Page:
BusinessWeek: Apple unlikely to launch music subscription service

“Ask folks in the digital-music industry [look] to make predictions for the next year, and here’s one that would be the near the top of most lists: Apple Computer, the king of selling downloads thanks to the huge success of its iTunes Music Store, will launch a music-subscription service. That way, consumers who don’t want to buy big digital collections could pay a flat monthly fee to hear — but not own — almost any song they want,” Heather Green and Peter Burrows write for BusinessWeek.

“BusinessWeek Online has learned that Apple is not likely to get into the subscription game soon — and maybe not ever, unless one of its rivals comes up with a way to make subscriptions mainstream,” Green and Burrows report. “Two music executives tell BusinessWeek Online that earlier this summer, soon after Yahoo’s announcement of its Music Unlimited subscription service, Apple sounded them out about potential financial terms of a subscription service. One of the label executives said Apple was concerned about what e-tailer or Google might do in this area. But, says the source, Apple seemed unlikely to make a move until a rival began forging inroads into its music empire.”

Green and Burrows report, “That’s a ways off yet. So far, only 2 million-or-so people have signed up for offerings such as RealNetworks’ Rhapsody service or one from Napster. Even Yahoo’s 3-month-old Music Unlimited, although priced at less than half of the others at just $60 a year, has failed to make big headway… Regardless of how many analysts, entrepreneurs, or current subscription customers think subscription services are the future of digital music, Apple may hold the key to it ever arriving.”

Full article here.

Related articles:
Over half a billion songs have been sold from Apple’s iTunes Music Store – July 18, 2005
S&P Equity Research downgrades Real on Microsoft news; says Apple may explore subscription service – June 10, 2005
Microsoft plans music subscription service, may allow conversion of Apple iTunes-purchased tracks – June 10, 2005
Report: Apple iTunes Music Store more popular than most peer-to-peer file sharing services – June 07, 2005
Merrill Lynch analyst: Apple could ‘flick the switch on a music subscription model’ – May 13, 2005
Study shows Apple iTunes Music Store pay-per-download model preferred over subscription service – April 11, 2005
Apple iTunes Music Store also-rans pin hopes on subscription model – January 03, 2005


  1. I am against the suscription service model… but if Apple must do it (I said IF), they should tie it with .Mac. Think about it, for $60 per year your get unlimited download songs and .Mac suscription (a strim down version) and you can upgrade to normal .Mac with $50 more.

    Well maybe the pricing scheme should be thought out better. But, what I am trying to say, is that Apple will have, not only the advantage of being the king of the hill in music services right now, but also more features with .Mac than the rest of the competition.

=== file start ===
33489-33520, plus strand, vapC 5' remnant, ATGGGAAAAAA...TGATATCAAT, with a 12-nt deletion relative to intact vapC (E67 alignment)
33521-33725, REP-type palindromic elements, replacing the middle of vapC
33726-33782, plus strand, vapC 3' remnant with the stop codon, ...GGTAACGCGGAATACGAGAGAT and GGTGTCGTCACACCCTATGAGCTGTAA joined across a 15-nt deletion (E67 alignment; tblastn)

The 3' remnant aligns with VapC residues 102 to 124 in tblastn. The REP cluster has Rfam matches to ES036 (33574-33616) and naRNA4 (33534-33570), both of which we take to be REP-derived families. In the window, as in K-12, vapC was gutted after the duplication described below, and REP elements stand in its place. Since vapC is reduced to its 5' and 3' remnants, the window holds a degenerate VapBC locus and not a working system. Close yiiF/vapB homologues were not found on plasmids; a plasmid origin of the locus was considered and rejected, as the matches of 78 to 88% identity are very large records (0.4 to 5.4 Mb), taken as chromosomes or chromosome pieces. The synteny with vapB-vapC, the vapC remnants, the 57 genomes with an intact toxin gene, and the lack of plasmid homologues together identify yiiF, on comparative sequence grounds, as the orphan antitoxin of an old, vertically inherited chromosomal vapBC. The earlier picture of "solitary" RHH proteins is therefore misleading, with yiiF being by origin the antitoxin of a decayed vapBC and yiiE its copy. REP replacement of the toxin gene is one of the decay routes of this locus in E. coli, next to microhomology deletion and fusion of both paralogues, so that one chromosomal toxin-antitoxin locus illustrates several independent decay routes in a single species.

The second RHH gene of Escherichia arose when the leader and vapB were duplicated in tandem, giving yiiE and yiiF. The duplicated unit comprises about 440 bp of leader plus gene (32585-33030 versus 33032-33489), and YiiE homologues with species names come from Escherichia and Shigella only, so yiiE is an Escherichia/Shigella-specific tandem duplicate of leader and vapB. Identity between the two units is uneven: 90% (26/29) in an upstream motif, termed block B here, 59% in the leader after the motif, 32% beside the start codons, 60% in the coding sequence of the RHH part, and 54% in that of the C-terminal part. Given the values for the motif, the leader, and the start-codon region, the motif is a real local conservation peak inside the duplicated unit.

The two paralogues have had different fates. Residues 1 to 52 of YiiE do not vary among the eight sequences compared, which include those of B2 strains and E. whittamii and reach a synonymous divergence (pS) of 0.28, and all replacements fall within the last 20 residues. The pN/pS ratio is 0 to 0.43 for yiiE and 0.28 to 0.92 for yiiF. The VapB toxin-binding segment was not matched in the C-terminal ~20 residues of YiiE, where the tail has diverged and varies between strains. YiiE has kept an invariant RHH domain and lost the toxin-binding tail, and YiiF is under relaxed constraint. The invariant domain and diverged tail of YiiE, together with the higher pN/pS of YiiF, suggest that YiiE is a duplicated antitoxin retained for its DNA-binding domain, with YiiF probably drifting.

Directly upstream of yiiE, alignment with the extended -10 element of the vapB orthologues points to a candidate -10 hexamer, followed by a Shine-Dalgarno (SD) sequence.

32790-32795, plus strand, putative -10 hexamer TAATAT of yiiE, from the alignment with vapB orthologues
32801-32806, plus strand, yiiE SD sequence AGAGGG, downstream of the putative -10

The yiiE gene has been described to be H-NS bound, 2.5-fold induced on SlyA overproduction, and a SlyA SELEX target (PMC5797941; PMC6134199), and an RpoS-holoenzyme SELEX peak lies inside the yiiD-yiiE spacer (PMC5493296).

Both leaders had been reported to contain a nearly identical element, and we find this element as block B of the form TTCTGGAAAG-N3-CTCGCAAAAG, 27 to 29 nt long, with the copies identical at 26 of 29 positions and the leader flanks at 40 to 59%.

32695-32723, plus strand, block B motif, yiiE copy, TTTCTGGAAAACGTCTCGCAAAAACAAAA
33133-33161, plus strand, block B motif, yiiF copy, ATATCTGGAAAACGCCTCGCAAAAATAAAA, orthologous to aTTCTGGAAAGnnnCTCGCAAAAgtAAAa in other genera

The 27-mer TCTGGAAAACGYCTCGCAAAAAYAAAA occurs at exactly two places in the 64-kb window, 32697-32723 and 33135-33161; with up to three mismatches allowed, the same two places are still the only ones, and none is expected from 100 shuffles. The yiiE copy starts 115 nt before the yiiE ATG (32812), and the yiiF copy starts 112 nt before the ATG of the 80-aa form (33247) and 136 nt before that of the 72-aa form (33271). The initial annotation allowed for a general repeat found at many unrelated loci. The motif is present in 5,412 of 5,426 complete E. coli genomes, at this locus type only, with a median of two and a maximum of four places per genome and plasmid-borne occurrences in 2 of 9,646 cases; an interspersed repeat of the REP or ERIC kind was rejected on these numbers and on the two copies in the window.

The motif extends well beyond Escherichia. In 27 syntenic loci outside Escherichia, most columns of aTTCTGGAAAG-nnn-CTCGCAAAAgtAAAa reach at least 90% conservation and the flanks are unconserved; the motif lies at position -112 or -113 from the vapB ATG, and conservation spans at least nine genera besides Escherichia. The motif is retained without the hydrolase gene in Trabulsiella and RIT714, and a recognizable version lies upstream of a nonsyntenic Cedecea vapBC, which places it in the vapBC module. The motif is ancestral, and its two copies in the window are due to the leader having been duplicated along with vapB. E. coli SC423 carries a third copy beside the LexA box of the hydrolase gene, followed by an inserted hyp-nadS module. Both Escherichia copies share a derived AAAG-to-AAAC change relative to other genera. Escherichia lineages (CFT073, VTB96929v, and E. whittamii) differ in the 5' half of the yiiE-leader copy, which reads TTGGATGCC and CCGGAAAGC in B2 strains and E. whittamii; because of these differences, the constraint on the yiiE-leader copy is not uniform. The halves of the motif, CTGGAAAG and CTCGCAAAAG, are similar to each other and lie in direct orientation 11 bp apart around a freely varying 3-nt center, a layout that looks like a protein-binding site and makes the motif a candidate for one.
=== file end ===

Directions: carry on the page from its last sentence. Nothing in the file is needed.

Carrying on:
2. Consumers realize that, despite Naptster’s deceiving ads, subscription services are a rip-off. Apple realizes this too, and I think they won’t open iTMS to subscriptions unless the public demands it. Hopefully the public will stay wise on the subject.

  3. When you buy something, you own it. Renting music is unfair to consumers and is basically extortion; pay every month if you want to keep hearing your music.

    Steal, steal, steal… until the record companies realize that $18.99 is too much to charge for a CD, and until they realize that we have had enough of being treated like children when it comes to DRM.

    You buy it, you own it. When will record companies realize that?

  4. Subscription services just makes you pay over and over again for the music you have downloaded. Why not just buy it once and not have to deal with checking in every month just so you can play that same music. It’s a dumb model and that’s why no one is rushing over to get in it.
    Buying and owning your own music is the only way to go. You don’t have to check in every month. You can burn it to a CD without an extra charge on top of that monthly charge. It just doesn’t make sense.

  5. I can rent music whenever I want. It’s called “Satellite Radio”. If I want to borrow music for free, I tune in to FM or borrow a friend’s CDs. Music subscription services are for people with no friends and no home stereo.

  6. Most I see, especially on Amazon, are around 12 bucks. Canadian!

    As a fellow Canadian… er.. you’re joking right?

    You didn’t know that EVERYWHERE else, CD’s are expensive?

  7. I think Steve Jobs hit the nail on the head when he said people want to OWN their music. Personally, the thought of having to rent my music is not appealing to me. If Apple does get into this (and I agree with the above article that this is a big if), you can be sure it will not be just a knock-off of existing services and will be innovation in some way.

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